Hentgen's rehab more favorable for O's


Unlike Erickson, ex-Jay making a stronger pitch

Obando gets Marlins' look

March 01, 2003|By Roch Kubatko | Roch Kubatko,SUN STAFF

FORT LAUDERDALE, Fla. - Orioles manager Mike Hargrove seems fairly certain that Pat Hentgen, 17 months removed from ligament-transplant surgery on his right elbow, will be included on the pitching staff this season. And that probably means a spot in a starting rotation that won't include Scott Erickson, who will have surgery next week to repair a torn labrum.

"I don't look for Pat Hentgen to not be on this club," Hargrove said. "I think he's going to go out and do the job, and do it very well. I have every confidence in Pat. He may be one of my all-time favorites. I don't have many."

Hentgen replaced starter Omar Daal yesterday and went two innings in the Orioles' 7-6 victory over the Florida Marlins. He allowed one run, after loading the bases with none out in the third inning, and three hits. He also hit a batter and struck out one.

Hargrove has noticed in bullpen sessions that Hentgen's velocity, location and strength are better than during his four September starts, when he lost each decision and posted a 7.77 ERA in 22 innings.

"People ask me about the elbow all the time. It's not even a factor," Hentgen said. "Believe me, it's 100 percent."

That percentage doesn't apply to Hentgen's confidence in joining the rotation, perhaps as the fifth starter. All signs are good, even with Rick Helling and Jason Johnson in the competition and the possibility of another starter being acquired, but he won't make any assumptions.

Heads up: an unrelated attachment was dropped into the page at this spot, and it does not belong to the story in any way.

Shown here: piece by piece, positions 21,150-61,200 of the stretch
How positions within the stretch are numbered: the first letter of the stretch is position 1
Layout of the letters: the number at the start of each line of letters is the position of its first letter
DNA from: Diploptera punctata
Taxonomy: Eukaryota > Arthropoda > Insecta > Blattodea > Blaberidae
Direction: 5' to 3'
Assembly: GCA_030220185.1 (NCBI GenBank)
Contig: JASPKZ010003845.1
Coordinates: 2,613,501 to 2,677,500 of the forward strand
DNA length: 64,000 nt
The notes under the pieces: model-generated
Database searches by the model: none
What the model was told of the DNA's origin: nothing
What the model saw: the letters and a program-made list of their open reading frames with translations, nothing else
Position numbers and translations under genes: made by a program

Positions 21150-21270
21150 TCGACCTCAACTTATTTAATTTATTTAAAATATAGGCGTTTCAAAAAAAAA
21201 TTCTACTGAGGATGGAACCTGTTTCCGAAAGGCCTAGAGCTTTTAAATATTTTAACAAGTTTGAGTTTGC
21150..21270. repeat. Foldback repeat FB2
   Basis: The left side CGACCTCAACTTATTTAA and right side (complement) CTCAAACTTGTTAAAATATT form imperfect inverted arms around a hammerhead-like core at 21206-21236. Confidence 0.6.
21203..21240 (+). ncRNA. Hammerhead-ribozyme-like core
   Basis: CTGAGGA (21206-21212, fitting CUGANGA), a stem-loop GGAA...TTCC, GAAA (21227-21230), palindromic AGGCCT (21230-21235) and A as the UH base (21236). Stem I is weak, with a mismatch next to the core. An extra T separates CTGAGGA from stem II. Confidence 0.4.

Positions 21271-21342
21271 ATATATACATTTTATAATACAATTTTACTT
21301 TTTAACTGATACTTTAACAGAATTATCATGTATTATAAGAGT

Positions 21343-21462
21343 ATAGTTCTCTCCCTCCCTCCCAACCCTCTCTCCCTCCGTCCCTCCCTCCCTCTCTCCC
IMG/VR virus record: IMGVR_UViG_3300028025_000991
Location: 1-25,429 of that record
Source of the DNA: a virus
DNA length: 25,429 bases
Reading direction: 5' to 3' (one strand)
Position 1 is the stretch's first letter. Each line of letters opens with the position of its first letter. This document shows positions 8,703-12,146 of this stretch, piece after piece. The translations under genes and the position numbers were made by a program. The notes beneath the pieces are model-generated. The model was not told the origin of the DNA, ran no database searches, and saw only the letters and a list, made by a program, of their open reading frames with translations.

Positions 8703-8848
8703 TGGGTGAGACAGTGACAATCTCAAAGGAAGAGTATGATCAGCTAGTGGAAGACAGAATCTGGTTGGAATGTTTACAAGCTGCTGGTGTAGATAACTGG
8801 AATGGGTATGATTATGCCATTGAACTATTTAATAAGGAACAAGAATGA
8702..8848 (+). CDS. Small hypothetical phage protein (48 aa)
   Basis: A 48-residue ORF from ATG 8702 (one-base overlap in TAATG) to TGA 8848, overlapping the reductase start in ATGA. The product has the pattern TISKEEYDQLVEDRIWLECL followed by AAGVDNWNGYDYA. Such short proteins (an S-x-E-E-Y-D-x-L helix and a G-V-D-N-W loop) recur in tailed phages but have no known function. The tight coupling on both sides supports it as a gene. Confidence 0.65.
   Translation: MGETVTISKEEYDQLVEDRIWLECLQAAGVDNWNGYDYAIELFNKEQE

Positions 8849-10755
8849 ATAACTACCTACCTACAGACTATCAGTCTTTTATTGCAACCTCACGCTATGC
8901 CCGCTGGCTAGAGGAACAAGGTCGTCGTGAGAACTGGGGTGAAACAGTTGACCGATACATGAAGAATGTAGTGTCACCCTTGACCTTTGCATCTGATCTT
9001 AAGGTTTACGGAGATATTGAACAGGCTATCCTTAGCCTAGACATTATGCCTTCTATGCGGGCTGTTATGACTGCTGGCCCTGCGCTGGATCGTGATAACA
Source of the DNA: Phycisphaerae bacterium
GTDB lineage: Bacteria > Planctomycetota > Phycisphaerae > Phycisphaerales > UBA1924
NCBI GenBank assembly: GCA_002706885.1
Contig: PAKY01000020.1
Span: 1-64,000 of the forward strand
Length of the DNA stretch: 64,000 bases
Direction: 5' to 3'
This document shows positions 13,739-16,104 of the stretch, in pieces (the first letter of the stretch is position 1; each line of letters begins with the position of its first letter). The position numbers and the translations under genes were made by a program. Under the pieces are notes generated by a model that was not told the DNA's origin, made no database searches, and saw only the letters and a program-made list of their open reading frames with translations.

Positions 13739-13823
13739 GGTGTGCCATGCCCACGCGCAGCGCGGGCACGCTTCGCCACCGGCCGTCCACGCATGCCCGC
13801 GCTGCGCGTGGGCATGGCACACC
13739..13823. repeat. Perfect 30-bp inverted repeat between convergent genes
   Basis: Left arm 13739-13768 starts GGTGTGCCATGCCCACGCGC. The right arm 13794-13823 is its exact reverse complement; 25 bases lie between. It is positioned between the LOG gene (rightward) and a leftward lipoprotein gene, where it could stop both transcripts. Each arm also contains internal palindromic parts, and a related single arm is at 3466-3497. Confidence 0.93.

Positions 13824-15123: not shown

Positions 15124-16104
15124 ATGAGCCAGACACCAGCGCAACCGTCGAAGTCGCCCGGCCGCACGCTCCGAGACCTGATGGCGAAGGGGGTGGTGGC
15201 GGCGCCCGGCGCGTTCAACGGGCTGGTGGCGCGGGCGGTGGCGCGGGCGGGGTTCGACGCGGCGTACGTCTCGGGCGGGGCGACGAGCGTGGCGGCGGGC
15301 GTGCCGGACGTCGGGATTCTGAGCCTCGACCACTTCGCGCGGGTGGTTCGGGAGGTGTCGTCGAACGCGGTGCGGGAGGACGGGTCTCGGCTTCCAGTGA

"Every time you go out, you're competing," he said. "Sure, I'd love to be a starting pitcher. That's what I've always been my whole career. But for me to stand here and say, `Oh sure, I'm a lock,' how many locks are there?"

Obando gets a look

Each camp contains a few players who were almost forgotten by Major League Baseball, their careers as yellow and faded as an old newspaper clipping. The Marlins are no exception.

Counted among their spring invitees is former Orioles outfielder Sherman Obando, who signed a minor-league contract after four seasons in Japan. He struck out four times yesterday as the designated hitter.

Obando made his big-league debut in 1993 at age 23, after the Orioles chose him in the Rule 5 draft off the New York Yankees' roster. They traded him three years later to the Montreal Expos for outfielder Tony Tarasco.

Known with the Orioles for his raw power and defensive shortcomings, Obando hit 26 homers last summer for the Nippon Ham Fighters. His bag of cliches passed through customs on his return to the States.

"I'm going to work hard, try to impress them and do what I have to do to help the club," he said.

Around the horn

Catcher Brook Fordyce was supposed to play yesterday, but he didn't dress for the game and left in the fifth inning to have his sore throat examined. Fordyce's glands were badly swollen. ... The Orioles signed five more players to 2003 contracts, bringing their total to 32: pitcher Travis Driskill, infielders Jose Leon and Ed Rogers, and outfielders Luis Matos and Chris Richard. ... A moment of silence was observed before the game for pitcher Steve Bechler, who died Feb. 17 from complications related to heatstroke.

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